Gary Meyers: FPGAs versus ASICs
by Peggy Aycinena
March 25, 2009
The principle subject of the DVCon 2009 Executive Panel in San Jose in February was "EDA: Dead or Alive?"
The seven speakers on the panel were unequivocal in the answer: EDA is definitely alive, because it’s the single most important pre-requsitive for progress in electronics. The electronics industry will never die and, therefore, neither will EDA.
In the weeks after the event, I spoke at length with all seven panelists individually to follow up on various topics discussed at DVCon. This article recaps my conversation with Synopsys executive, Gary Meyers. Links to the rest of the conversations in the series can be found at the end of this article.
FPGAs versus ASICs ...
Q – Can you distinguish between an FPGA and an ASIC?
Gary Meyers – An FPGA is field programmable, as the name implies. Customers can buy the product off the shelf and program it on their own premises, where as an ASIC is manufactured to a customer’s specification. The distinction has not changed since the dawn of both industries.
I come at this from the perspective that there’s room for both technologies. If you look at the FPGA industry, it represents 15% of the ASIC industry in terms of size and semiconductor revenue. It’s certainly a good business, but considerably smaller than the ASIC industry.
From a growth rate point of view, FPGAs are set to grow slightly faster than ASIC revenue. Even if you were to project that forward, it’s still hard to project a scenario where FPGAs would overtake ASICs. Due to the architecture of FPGAs versus ASICs, in an FPGA you’re giving up efficiency for programmability.
ASICs still offer higher performance, higher capacity, lower power, mixed-signal integration, and more efficiency. Most importantly, they offers lower unit cost over volume than an FPGA.
If you look at low power, there’s a huge disparity between FPGAs and ASICs. Certainly there are now some very small FPGAs manufactured with much lower power, but there are no large, complex FPGAs that would, in fact, displace ASICs in volume – particularly in consumer applications where power is paramount.
I can’t see a time where an SoC in a cell phone is displaced by the equivalent FPGA.
Q – So, it’s the power issue?
Gary Meyers – Yes, but there’s also the efficiency of the architecture. The massive routing grids in FPGAs present an area penalty. FPGAs, even manufactured in volume, can be considerably more expensive for large designers. If you try to look several generations ahead, you could possibly see a cost equivalent, but that’s not really a fair comparison.
So, cost, power and performance are all issues. You have devices and PCs running at several Gigaherz, but FPGAs run in the low Megaherz, and part of that is power related. Part is, the fabric in FPGAs prevents them from getting the performance of an ASIC device.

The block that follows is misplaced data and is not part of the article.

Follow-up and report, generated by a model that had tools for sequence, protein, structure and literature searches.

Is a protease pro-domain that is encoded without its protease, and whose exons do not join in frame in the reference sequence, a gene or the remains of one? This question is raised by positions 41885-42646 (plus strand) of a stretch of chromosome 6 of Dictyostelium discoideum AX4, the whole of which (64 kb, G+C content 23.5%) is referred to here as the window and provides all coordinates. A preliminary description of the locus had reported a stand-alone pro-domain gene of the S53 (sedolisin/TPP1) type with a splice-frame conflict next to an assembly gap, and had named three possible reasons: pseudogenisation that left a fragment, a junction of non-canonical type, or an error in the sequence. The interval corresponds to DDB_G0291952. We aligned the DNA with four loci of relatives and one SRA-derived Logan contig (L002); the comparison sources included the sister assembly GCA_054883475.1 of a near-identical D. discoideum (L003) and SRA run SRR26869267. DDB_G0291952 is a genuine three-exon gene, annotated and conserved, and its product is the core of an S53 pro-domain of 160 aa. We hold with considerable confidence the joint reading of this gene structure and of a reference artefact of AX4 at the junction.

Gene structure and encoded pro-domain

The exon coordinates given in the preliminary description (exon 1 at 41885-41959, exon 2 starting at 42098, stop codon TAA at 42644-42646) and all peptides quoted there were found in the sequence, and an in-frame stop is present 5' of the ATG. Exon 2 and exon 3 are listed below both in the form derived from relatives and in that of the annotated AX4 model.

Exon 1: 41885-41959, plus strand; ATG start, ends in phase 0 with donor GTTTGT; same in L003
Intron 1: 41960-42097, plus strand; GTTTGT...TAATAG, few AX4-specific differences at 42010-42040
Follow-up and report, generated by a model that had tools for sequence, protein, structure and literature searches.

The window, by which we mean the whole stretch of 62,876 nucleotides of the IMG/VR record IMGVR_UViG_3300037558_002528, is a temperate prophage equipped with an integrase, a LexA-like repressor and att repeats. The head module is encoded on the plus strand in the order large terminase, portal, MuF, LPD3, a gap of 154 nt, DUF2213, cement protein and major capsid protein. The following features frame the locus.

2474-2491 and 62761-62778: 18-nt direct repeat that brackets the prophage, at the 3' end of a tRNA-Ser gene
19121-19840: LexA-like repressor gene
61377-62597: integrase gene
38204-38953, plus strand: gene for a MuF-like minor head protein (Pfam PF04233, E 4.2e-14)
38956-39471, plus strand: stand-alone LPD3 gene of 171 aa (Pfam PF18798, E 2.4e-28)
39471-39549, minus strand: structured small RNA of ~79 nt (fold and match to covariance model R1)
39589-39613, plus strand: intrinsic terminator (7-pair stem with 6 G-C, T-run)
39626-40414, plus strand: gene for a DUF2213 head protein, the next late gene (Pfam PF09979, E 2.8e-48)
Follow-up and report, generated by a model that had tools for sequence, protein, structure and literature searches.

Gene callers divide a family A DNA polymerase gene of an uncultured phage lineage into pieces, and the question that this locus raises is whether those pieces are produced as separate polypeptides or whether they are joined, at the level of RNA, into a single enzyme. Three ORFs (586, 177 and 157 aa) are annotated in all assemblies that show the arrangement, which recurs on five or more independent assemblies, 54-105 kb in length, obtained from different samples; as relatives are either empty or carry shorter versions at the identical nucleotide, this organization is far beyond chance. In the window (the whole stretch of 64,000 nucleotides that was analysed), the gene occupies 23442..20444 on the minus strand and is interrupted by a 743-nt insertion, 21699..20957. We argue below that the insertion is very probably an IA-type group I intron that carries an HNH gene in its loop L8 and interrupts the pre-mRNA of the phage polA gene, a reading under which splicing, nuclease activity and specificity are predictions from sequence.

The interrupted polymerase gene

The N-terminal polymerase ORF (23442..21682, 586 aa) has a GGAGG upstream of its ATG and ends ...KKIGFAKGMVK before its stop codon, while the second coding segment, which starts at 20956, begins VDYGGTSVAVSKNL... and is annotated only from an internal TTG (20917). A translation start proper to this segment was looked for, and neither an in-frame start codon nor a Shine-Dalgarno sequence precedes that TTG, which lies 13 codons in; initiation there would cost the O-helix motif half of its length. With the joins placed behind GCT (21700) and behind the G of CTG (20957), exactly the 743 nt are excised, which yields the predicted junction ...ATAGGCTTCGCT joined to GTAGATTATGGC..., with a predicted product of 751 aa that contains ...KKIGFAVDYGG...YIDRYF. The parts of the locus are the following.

It’s an interesting discussion to compare the two technologies, but truly it’s the application that is the final [differentiator].
Q – Does a generic hardware platform need to be an ASIC?
Gary Meyers – Yes. There’s more differentiation in the software, which is why we see so much growth in rapid prototyping solutions. But hardware can also be a source of differentiation.
Let’s not forget that companies develop custom chips for a reason, so to say that everything is a standard chip and the differentiation is in the software, is too extreme a viewpoint. Companies are realizing that a balance is important. Some features are in the software and some in the hardware.
Q – Have you found the growth of the FGPA market to be remarkable?
Gary Meyers – I always thought FPGAs would be very viable, and I saw terrific opportunities for EDA tools to be sold into the FPGA industry. Every generation, more applications that "couldn’t be in an FPGA" move to an FPGA, nonetheless. But they are still at modest, modest volumes and have not moved the revenue needle that much.
It’s about 5% annual growth for FGPAs, and 2% for ASICS, so from a revenue perspective, there’s not that much difference going forward. You might say there are more designs being down in FPGAs, but there will still be markets where FPGAs can’t penetrate and those are the markets with the bulk of the semiconductor revenue. It’s been the history of FPGAs that as newer generations of the technology come out and get bigger, it becomes attractive to larger segments. But the largest markets still stay unavailable to FPGAs.
From my perspective, I just don’t see FPGAs taking over volume markets.
Q – How have the two worlds blended with the Synplicity/Synopsys acquisition, the FPGA world of Synplicity and the ASIC world of Synopsys? Particularly given the historical difference in price between FPGA design tools, including the free tools from Xilinx et al, and ASIC design tools.
Gary Meyers – There has been a blending of the two attitudes. There is an opportunity for FPGAs tools that are free, provided by the FPGA vendors, but there’s increasing demand for the kinds of tools that EDA providers produce – low-power, IP, synthesis tools. These are all increasingly important to the FPGA industry.